As legendary venture capitalist, co-founder of PayPal, and Facebook's first outside investor, Peter Thiel famously noted in a Wall Street Journal op-ed in 2014, "All happy companies are different: Each one earns a monopoly by solving a unique problem". However, all failed companies have one thing in common: they failed to escape competition.
Essentially, Thiel meant that competition is for losers. For instance, Apple, Microsoft, Amazon, Alphabet, and Facebook are the five most iconic IT brands in modern history that have essentially steamrolled every competitor. They share some common attributes, despite being five very different companies:
- Monopolistic product-driven businesses for high returns on capital
- Proactive adaptation to change
- Low customer acquisition & retention costs
- High fixed costs, low marginal costs and hard to replicate assets
- Creating network effects to entrench customers & users
A company's ability to succeed in the stock market and business begins first and foremost with its product and innovations around it. You grow faster if it becomes monopolistic, and you get less competition. A three-point matrix of configuration, experience and offering can be used to identify such breakthroughs in product and innovation.
The 'behind the scene's activities of an organization can directly or indirectly impact the customer experience (CX). Four forces reinforce this pillar:
1. Profit Model
A good example is how New York Times went from an ad-based media model to digital user subscriptions.
Ford was the first company to have full control of its entire supply chain, now called 'vertical integration’.
Google's 20% rule allowed employees to work on side projects, leading to the creation of Gmail and Google News.
McDonald's franchisees were encouraged to develop and sell their new food items. This led to one of their most successful products called 'Egg McMuffin'.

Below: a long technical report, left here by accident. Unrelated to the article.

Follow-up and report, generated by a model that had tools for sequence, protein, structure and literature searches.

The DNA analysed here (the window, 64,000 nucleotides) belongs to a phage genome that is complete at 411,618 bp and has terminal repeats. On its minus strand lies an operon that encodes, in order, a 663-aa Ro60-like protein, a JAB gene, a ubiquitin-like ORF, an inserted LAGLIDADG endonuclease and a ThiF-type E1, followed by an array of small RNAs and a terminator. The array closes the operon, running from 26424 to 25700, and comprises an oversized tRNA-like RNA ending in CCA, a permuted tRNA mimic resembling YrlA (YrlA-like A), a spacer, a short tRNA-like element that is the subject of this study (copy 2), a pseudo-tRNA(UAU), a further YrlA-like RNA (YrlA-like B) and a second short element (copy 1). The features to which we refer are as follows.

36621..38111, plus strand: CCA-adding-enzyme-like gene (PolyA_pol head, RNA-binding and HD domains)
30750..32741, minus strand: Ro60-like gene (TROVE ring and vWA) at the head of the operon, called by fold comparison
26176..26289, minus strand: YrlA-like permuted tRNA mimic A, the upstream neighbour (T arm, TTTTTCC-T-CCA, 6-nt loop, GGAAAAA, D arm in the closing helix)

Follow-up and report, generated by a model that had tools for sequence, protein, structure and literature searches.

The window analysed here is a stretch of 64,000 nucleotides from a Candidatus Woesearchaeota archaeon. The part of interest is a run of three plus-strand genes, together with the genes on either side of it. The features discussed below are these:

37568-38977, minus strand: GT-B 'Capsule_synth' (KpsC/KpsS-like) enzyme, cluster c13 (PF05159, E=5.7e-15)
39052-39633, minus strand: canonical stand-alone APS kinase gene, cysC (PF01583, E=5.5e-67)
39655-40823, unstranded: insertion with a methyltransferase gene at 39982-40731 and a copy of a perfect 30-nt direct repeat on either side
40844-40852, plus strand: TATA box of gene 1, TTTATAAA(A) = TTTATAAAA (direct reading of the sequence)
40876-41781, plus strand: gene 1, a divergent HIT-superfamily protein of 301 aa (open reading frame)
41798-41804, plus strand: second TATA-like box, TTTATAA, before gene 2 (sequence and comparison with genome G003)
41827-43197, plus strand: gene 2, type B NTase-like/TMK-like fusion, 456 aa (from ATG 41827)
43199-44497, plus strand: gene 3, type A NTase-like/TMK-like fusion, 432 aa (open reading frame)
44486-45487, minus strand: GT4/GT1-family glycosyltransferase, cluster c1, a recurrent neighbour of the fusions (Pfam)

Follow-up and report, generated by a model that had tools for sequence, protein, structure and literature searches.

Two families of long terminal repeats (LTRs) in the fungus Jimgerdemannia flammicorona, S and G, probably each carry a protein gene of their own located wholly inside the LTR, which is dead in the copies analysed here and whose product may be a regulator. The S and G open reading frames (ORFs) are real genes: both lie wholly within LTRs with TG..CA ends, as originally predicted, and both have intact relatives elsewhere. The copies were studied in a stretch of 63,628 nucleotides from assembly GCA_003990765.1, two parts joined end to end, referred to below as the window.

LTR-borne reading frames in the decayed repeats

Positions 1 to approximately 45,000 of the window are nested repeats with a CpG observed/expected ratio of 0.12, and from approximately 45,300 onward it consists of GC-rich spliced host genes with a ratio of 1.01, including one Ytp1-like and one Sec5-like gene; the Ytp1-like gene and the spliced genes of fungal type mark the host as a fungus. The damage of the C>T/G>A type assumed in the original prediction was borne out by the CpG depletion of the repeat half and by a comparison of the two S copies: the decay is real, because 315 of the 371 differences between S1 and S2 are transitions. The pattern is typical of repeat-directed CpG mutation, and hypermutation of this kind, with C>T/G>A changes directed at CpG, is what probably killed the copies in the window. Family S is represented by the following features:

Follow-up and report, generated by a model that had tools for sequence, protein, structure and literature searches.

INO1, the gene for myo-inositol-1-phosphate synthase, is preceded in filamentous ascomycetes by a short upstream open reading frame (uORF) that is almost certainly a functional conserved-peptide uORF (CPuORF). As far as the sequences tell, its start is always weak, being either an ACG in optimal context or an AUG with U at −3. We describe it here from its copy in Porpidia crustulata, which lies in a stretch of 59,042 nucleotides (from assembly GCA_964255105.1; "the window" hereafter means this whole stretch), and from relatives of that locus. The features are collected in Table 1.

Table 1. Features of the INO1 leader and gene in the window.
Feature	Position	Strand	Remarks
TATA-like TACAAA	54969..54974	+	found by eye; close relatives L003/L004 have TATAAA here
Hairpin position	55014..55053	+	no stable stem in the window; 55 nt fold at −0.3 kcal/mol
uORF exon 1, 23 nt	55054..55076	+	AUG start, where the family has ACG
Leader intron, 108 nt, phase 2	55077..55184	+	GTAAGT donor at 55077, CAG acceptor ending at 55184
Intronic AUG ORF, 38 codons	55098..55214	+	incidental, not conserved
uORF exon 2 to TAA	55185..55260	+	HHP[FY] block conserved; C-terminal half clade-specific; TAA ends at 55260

Creating a seamless experience around a product by integrating it in a carefully crafted ecosystem is two of the mainstays of this category:
1. Product Performance
Spotify is leagues ahead of its streaming rivals like Apple Music and Gaana in terms of subscriptions because of the responsiveness of its apps, User Experience (UX) and streaming speed vis-à-vis quality.
2. Product System
Apple's success after the launch of its Apple Watch has created a flourishing product ecosystem where all its products can talk to each other for a better UX, create more value for the collective and improve sales.
The user acceptance of consumer-facing products is the acid test. As a result, it is more important to improve the UX rather than focus on advertising or adjusting associated commercials. Four forces support this pillar:
Amazon is a great seller, but it still enhanced the value in selling with Amazon Prime, which offers free expedited shipping. Prime led to delivery in as quickly as 2 hours in some cities, setting a new paradigm in intra-day deliveries.
Apparel brands have taken up climate activism and linked it to environmental causes to give them unique market positioning. A good example is Patagonia and Balenciaga.
The loyalty cards can sometimes be a great brand-puller and retention mechanism. Brands like Nespresso have created concepts like Nespresso Club to further lock in customers.
4. Customer Engagement
Mercedes Benz has replaced its bulky user manual with an Augmented Reality (AR) manual that highlights driver and car data.
Starting up or scaling organizations are constantly innovating their products based on these ten forces and three pillars of innovation. Not just the product but also the organization is determined by these tactics.